Russ Abbott russ.abbott at gmail.com
Thu Nov 25 12:12:05 EST 2010

```Thanks, Patrick. I'm disappointed, though, that no one has
actually responded to my question. It wasn't how to solve KenKen. It was how
best to deal with quasi-mutable data structures.
*
-- Russ *

On Thu, Nov 25, 2010 at 6:17 AM, Patrick LeBoutillier <
patrick.leboutillier at gmail.com> wrote:

> Russ,
>
> If I understand correctly KenKen is something like Sudoku except that
> the (more complicated) "cages"
> constraints replace the usual "square" constraints.
>
> Have you seen these sudoku solvers:
>
> Maybe you can get ideas there on how to attack the problem in a more
> functional fashion.
>
>
> Patrick
>
>
> On Wed, Nov 24, 2010 at 9:58 PM, Russ Abbott <russ.abbott at gmail.com>
> wrote:
> > My previous two messages suggest a Haskell coding principle: distinguish
> > between fixed and (quasi-)mutable data structures. (I know values don't
> > change, but I hope you understand what I mean. The cage and the cell in
> my
> > previous example are quasi-mutable. They are conceptually mutable in the
> > context of the problem.)  The fixed data structures can be organized any
> way
> > one wants. The quasi-/conceptually-mutable elements should be referred to
> > symbolically and stored in a Map. The maps themselves should be stored at
> a
> > global level of the system's data structure so that it is easy to replace
> > them when values change.
> >
> > -- Russ
> >
> >
> > On Wed, Nov 24, 2010 at 5:54 PM, Russ Abbott <russ.abbott at gmail.com>
> wrote:
> >>
> >> Actually using a Map does solve the problem. The Map has to be kept at
> the
> >> level of the Tree rather than have each leaf node point to it.  So
> >> of just a Tree one has, say (Map, Tree). Then when one wants to change
> the
> >> property of something associated with a leaf node, one can just change
> the
> >> map. The Tree is unchanged.
> >>
> >> -- Russ
> >>
> >>
> >>
> >> On Wed, Nov 24, 2010 at 2:02 PM, Russ Abbott <russ.abbott at gmail.com>
> >> wrote:
> >>>
> >>> OK. So putting a Map at Leaf nodes doesn't solve the problem.
> >>> (Apparently I haven't been able to communicate what I see as the
> problem.)
> >>> The problem that I'm trying to get to is the need to write excessive
> code
> >>> for something that would require a lot less code in an OO world.  It's
> not a
> >>> matter of execution time or space. It's a matter of the amount of code
> one
> >>> is required to write.
> >>> -- Russ
> >>>
> >>>
> >>> On Wed, Nov 24, 2010 at 1:52 PM, Daniel Fischer
> >>> <daniel.is.fischer at web.de> wrote:
> >>>>
> >>>> On Wednesday 24 November 2010 22:12:37, Russ Abbott wrote:
> >>>> > Cool. I wasn't aware of that notation.  It doesn't quite get to the
> >>>> > issue though.
> >>>> >
> >>>> > The problem I'm concerned about is the need to define y in the first
> >>>> > place. If one is chasing through a data structure and finds a need
> to
> >>>> > change something buried within it, it seems necessary to rebuild
> >>>> > everything that includes the changed thing.
> >>>>
> >>>> In general, values are immutable, so you can't "change something
> buried
> >>>> within it". You have to build a new value containing some of the old
> >>>> stuff
> >>>> and a new part. Building the new value usually consists mostly of
> >>>> copying a
> >>>> couple of pointers (plus building the new part of course), so isn't
> too
> >>>> expensive normally.
> >>>>
> >>>> You can have mutable values in the IO or (ST s) monads, if you need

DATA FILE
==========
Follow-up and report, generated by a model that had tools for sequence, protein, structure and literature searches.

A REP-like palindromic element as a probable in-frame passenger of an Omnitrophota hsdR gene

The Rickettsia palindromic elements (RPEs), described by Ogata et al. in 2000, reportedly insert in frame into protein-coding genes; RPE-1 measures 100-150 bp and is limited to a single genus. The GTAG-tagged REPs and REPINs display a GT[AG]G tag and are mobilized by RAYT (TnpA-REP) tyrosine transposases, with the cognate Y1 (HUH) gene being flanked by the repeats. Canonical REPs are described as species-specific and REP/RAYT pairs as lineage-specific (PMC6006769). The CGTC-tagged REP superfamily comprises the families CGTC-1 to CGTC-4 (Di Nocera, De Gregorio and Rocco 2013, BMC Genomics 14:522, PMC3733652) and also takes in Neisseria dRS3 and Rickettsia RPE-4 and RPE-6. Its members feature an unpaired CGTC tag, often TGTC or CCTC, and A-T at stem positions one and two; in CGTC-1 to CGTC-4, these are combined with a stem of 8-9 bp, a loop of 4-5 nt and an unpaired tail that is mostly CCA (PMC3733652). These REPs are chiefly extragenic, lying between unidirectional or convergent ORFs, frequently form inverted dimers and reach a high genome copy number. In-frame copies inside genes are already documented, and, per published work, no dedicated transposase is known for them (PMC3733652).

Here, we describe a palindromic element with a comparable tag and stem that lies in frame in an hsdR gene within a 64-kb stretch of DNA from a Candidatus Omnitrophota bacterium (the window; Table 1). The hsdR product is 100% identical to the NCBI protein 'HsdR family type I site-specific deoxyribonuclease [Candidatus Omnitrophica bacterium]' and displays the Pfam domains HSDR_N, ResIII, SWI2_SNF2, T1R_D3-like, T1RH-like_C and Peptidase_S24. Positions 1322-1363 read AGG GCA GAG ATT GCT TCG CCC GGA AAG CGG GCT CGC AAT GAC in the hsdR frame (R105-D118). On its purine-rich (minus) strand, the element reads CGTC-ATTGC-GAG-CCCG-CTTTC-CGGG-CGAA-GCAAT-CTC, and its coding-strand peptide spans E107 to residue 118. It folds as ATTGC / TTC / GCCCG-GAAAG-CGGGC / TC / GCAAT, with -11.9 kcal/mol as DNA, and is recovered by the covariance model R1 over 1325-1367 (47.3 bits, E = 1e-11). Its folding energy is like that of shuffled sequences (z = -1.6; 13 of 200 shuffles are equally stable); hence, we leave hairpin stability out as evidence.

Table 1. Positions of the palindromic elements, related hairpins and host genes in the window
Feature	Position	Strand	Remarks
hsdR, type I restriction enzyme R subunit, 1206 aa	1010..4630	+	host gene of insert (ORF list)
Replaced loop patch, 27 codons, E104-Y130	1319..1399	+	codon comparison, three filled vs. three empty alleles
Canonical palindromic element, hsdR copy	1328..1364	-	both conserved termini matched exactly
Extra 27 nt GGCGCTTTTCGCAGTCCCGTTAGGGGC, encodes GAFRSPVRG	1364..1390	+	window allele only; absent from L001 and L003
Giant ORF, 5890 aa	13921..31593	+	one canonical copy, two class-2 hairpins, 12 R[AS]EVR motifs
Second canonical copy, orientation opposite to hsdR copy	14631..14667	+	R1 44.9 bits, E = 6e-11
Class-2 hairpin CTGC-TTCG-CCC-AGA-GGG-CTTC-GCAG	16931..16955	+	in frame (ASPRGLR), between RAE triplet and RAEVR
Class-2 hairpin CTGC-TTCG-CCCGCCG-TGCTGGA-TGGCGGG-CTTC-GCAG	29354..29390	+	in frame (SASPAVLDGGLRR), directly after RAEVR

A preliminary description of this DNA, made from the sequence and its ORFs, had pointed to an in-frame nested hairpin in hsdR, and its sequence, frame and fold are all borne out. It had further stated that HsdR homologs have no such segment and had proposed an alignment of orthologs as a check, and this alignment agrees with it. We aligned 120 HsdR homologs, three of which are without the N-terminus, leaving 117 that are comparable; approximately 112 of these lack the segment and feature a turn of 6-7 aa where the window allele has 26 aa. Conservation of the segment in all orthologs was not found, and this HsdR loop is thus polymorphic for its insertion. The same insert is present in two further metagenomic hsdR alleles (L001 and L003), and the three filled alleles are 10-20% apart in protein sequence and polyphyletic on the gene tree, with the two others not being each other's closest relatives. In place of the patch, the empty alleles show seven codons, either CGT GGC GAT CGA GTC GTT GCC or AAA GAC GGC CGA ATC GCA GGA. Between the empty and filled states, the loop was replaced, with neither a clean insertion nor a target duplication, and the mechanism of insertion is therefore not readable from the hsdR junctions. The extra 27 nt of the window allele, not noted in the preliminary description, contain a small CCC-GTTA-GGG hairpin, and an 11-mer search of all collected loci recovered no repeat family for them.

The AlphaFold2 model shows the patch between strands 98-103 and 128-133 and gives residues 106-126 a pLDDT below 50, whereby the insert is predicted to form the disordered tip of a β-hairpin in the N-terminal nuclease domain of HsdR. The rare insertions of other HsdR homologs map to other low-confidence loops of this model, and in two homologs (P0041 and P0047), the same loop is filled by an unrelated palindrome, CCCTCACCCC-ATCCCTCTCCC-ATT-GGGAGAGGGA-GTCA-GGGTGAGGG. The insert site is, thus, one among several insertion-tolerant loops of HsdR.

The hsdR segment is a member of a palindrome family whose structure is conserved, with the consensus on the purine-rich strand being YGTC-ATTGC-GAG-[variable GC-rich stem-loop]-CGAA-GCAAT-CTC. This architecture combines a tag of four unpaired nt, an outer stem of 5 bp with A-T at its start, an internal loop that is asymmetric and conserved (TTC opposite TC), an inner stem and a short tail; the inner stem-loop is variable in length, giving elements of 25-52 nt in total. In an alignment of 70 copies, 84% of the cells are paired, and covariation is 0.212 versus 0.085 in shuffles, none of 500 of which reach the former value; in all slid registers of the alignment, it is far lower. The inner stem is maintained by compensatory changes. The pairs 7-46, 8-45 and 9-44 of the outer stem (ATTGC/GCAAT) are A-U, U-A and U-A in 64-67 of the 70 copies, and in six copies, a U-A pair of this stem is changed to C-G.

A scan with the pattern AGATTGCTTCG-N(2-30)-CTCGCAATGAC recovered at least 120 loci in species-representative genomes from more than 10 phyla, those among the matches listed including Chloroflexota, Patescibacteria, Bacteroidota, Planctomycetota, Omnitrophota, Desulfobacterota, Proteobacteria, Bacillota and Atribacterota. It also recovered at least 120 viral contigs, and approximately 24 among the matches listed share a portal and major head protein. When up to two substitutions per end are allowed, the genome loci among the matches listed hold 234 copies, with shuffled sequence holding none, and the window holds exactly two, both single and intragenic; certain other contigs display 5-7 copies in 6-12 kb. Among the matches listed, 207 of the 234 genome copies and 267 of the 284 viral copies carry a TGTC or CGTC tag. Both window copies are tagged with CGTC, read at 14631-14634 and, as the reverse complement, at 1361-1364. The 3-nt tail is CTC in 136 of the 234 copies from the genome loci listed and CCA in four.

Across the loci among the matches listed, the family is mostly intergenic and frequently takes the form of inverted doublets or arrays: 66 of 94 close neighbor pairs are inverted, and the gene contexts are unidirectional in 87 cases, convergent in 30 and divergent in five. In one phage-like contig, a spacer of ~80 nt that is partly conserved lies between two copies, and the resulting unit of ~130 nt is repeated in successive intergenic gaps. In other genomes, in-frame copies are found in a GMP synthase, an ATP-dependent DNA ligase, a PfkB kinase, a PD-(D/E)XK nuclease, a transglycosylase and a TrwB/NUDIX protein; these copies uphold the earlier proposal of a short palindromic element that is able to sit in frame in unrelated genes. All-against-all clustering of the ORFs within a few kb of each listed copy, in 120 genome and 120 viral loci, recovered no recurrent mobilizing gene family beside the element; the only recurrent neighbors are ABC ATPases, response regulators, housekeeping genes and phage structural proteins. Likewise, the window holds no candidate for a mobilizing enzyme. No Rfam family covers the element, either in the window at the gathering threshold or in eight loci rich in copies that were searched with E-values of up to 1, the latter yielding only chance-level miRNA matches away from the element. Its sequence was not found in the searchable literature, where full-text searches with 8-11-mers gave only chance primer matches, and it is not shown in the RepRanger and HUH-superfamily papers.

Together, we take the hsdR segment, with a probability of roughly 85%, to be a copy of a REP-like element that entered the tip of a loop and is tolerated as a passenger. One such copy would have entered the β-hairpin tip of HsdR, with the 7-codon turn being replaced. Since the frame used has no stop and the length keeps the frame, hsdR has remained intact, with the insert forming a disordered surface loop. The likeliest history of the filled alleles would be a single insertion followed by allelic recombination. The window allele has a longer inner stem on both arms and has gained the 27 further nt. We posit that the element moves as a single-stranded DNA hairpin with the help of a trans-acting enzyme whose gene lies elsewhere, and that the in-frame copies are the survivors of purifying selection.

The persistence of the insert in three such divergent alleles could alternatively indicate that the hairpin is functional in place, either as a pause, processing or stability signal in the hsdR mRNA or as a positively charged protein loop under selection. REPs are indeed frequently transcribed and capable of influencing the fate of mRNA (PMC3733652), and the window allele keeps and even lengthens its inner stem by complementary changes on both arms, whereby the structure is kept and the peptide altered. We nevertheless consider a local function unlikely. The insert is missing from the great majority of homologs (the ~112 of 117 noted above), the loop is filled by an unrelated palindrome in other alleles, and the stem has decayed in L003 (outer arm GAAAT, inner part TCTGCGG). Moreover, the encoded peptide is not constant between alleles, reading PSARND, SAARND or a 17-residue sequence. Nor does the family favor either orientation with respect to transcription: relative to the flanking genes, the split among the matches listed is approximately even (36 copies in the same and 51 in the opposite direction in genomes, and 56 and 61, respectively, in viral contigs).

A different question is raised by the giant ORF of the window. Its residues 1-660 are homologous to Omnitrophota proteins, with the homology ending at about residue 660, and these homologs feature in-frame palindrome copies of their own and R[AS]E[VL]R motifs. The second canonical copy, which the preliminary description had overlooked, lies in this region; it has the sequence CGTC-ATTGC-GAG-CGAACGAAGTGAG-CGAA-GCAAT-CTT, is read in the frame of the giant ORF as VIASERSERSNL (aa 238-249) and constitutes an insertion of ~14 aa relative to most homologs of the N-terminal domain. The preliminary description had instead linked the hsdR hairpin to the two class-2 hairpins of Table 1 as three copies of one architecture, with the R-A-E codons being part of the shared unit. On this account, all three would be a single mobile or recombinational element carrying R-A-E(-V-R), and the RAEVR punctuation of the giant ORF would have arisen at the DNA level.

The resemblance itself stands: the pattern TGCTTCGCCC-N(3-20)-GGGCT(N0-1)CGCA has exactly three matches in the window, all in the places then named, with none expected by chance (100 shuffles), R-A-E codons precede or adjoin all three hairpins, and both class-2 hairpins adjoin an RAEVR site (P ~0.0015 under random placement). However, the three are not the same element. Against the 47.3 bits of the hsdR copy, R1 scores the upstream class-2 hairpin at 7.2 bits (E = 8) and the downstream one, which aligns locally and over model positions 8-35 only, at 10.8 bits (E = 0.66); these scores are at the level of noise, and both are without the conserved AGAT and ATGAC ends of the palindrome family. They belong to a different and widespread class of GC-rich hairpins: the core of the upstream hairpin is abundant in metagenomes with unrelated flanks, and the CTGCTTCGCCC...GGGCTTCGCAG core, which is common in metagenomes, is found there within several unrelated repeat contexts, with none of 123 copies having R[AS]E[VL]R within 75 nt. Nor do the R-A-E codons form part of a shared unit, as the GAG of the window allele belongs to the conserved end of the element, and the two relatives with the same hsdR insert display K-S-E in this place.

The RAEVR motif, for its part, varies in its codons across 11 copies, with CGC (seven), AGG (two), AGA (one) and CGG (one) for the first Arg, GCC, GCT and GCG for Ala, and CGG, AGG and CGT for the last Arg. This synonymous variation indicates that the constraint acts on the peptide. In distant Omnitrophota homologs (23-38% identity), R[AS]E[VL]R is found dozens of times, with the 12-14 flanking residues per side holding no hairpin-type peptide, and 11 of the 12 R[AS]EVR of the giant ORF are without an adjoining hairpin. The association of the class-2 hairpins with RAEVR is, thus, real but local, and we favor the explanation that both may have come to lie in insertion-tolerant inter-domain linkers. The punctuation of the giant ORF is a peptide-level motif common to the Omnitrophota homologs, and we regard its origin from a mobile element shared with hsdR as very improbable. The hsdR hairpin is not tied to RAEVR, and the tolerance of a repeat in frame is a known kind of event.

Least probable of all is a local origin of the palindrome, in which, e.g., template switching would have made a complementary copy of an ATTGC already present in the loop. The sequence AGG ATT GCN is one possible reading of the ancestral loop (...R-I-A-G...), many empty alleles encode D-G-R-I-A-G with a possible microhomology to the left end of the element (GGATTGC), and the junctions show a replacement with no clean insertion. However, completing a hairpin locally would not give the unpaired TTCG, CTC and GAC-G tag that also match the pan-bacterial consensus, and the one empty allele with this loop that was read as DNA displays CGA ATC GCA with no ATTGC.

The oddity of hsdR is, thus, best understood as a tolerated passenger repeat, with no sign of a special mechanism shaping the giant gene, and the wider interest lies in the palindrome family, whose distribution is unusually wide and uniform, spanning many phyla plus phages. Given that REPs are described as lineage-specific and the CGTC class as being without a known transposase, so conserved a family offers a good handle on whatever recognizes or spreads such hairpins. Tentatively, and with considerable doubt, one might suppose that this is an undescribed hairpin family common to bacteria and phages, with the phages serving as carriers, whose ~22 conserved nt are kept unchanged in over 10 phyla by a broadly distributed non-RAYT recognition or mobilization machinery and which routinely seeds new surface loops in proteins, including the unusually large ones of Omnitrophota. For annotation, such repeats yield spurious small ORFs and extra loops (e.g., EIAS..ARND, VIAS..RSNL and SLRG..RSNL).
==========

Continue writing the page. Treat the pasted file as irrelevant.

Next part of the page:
> >>>> them.
> >>>>
> >>>> > That is, I can't change a
> >>>> > component of somethingNew without creating y. The point is there's
> >>>> > nothing about x that changed,
> >>>>
> >>>> The thing with the changed component is not x anymore.
> >>>>
> >>>> > and there may be nothing about (var1 x)
> >>>> > that changed, and there may be nothing about var11 . var1 \$ x that
> >>>> > changed, etc. Yet one is apparently forced to keep track of and
> >>>> > reconstruct all those elements.
> >>>>
> >>>> The compiler takes care of that.
> >>>>
> >>>> >
> >>>> > Another example is to imagine a Tree in which the leaves contain
> >>>> > "objects." If I want to change a property of one of those leaf
> >>>> > objects,
> >>>>
> >>>> You can't in general, the thing with a different property is a
> different
> >>>> object.
> >>>>
> >>>> > I am forced to rebuild all the ancestor nodes of that leaf down to
> >>>> > rebuilding the root.
> >>>>
> >>>> Yes (well, not you, the compiler does it), except if your tree
> contains
> >>>> mutable objects (IORefs/STRefs for example).
> >>>>
> >>>> >
> >>>> > One way to avoid that is for the leaves to refer to their objects
> >>>> > through a Map. Then changing a leaf object requires only that the
> >>>> > value
> >>>> > associated with key represented by the leaf be (re-)inserted into
> the
> >>>> > Map.  The Tree itself need not change at all.
> >>>>
> >>>> Oh, it will. If you change a Map, you get a new one, thus you get a
> new
> >>>> tree containing the new Map.
> >>>>
> >>>> >
> >>>> > But that trick isn't always available.  In the example we are
> talking
> >>>> > about we can't make a Map where they keys are the instance variable
> >>>> > names and the values are their values.  That would seem to do the
> job,
> >>>> > but since the values are of different types, we can't create such a
> >>>> > Map.
> >>>> >
> >>>> > So now what?
> >>>>
> >>>> Well, what's the problem with the compiler copying some nodes?
> >>>> Normally, that doesn't cost very much performance, if it does in your
> >>>> case,
> >>>> we'd need to know more to suggest the best way to go.
> >>>>
> >>>> > *
> >>>> > -- Russ *
> >>>> >
> >>>
> >>
> >
> >
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>
> --
> =====================
> Patrick LeBoutillier